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mikeoui
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Quote:
On 2013-07-22 16:53, Fonsy wrote:

You may run the risk of losing both audiences if you switch back and forth.

I live in Taiwan. Plays or programs performed in English always include the projection of slides (Power Point, these days)
with the translation into Chinese. Even a Royal Shakespeare Theater production that came to Taipei used this method.

If you could get an assistant to run the slides while you perform in one language,
then you can reach both audiences.



What I failed to mention is that this is street performing. What most performers do is start by asking if there is anyone in the audience who speaks ONLY English or ONLY French and then make a judgement call based on that while doing occasional translations if there are a couple people who don't speak the chosen languages. With only 30 minutes to set up, perform, and tear down, any projections are pretty much out of the question. I'll keep that in mind though. Thanks!
Circusman
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Could always use a parrot & get away with it !!!
newbstermagi
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Sometimes diction gets in the way, and to repeat it actually aids the comedy. I have a new old man character, and I'm playing with the following dialogue:
ME: So you feel good, Nothing Hurts?
OLD MAN: Nothing Hurts
ME: Why's that?
OLD MAN: Nothing Works.
ME: Nothing Works. I see.
"Nothing hurts" and "Nothing works" sound almost alike in the voice I am currently using. It ultimately comes down to experimentation with the voice and dialogue. But there can be a cadence in that dialogue that makes repeating it, although not my primary choice, funny in it's own way. Hope I'm making sense...
Servante
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As I said up there^ somewhere, the old vaudeville bits make repetition necessary. "Philip, I have a problem!" "You have a problem? What's your problem, Karen?" "It's my chest!" "Your chest, I don't see anything." "That's my problem!" (exit)

But yeah, without the rhythm it can be annoying. I have a family member who'll call me up and say, "So, what are you doing?" "Just cleaning the office." "Just cleaning the office, huh?" Drives me nuts. I've started replying with a question. That helps. Smile

But, in looking over videos of a lot of avocational vents, I see a lot of repetition simply because their figures' voices are muffled. And they're muffled because the vent is concerned more about lip movement than the material. And yet, these same vents keep their heads down so we can't see their lips, anyway. Now, I know we've had this discussion here before, and it's led to verbal warfare (or therthal warfare), But, while lip control is VERY (thery) important, clarity of the figure's diction shouldn't suffer for it.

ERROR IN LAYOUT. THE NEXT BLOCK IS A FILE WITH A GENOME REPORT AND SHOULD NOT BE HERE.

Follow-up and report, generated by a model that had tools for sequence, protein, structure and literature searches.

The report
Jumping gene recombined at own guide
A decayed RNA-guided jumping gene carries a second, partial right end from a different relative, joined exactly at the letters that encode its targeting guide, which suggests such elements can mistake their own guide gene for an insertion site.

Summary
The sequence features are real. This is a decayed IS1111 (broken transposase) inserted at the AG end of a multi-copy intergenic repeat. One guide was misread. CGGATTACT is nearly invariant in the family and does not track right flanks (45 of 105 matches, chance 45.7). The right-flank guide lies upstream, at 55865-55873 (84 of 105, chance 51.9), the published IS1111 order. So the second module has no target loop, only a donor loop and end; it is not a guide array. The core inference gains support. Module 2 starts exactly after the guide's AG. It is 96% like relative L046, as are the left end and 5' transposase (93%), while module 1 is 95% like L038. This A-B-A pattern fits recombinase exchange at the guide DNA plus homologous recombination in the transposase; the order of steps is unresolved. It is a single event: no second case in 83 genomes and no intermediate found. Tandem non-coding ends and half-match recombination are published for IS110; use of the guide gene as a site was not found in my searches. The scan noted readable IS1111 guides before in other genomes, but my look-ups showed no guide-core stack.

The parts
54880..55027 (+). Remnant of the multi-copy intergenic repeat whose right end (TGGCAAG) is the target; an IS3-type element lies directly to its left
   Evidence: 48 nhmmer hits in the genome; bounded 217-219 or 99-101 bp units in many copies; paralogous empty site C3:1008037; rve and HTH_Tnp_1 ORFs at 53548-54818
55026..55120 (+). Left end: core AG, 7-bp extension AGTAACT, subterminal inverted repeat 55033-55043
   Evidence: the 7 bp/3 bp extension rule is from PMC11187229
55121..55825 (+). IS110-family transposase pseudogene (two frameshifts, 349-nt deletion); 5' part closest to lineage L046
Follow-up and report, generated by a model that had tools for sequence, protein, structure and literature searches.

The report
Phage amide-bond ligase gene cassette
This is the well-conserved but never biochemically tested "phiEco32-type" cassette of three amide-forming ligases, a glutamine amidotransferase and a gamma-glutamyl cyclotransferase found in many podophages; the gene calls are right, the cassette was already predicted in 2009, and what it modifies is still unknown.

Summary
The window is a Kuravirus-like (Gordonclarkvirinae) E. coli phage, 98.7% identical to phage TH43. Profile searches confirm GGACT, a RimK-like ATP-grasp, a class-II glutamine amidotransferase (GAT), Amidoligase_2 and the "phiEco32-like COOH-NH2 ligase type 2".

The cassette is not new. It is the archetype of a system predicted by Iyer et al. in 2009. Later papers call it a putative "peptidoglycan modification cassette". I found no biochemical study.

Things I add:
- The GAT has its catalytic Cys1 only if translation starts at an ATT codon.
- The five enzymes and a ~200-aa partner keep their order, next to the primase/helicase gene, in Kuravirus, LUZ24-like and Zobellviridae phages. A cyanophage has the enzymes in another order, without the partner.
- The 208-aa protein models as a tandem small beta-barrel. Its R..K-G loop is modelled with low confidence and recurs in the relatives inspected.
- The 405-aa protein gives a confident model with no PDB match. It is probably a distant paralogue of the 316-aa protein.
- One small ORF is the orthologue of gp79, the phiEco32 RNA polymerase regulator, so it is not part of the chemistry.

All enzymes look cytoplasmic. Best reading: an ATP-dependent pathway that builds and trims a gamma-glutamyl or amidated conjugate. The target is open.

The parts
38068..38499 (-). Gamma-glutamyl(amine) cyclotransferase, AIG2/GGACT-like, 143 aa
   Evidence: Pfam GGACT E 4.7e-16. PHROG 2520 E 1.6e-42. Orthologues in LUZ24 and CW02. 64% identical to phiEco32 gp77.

I write for a living. I write theatrical presentations for a living. Plays. Repetition is a tool in my toolbox, but only where it's appropriate to the rhythm. Audiences have quicker minds than they used to. They catch on a lot quicker. I've noticed this in previews of my plays, where I'm watching to polish. I wind up cutting out a lot of repetitious dialogue because, though it was necessary thirty years ago, it isn't anymore. I attribute this to the video game culture that keeps people on their toes...which then influenced television and film to do quick cuts and move quickly (You never see crossfades anymore. The audience doesn't need them), which keeps people who don't necessarily play videogames on their toes as well.

-Philip
Aussie
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Quote:
On 2013-08-06 13:07, Servante wrote:
.... Now, I know we've had this discussion here before, and it's led to verbal warfare (or therthal warfare), But, while lip control is VERY (thery) important, clarity of the figure's diction shouldn't suffer for it....

-Philip


But isn't that the point of being a ventriloquist, the fact that you can speak clearly without moving your lips?

I've seen this discussion so many times and of course Edgar Bergen always is brought up. I believe to keep the art of ventriloquism alive it should be practiced the way it is meant to be. There's nothing wrong with being a puppeteer. Take Wayland Flowers and Madame for example, they did very well for themselves and he never claimed to be a ventriloquist.

Lip control is at the forefront of ventriloquism. You don't have to have a vent figure to be a ventriloquist, but you do have to have a puppet to be a puppeteer.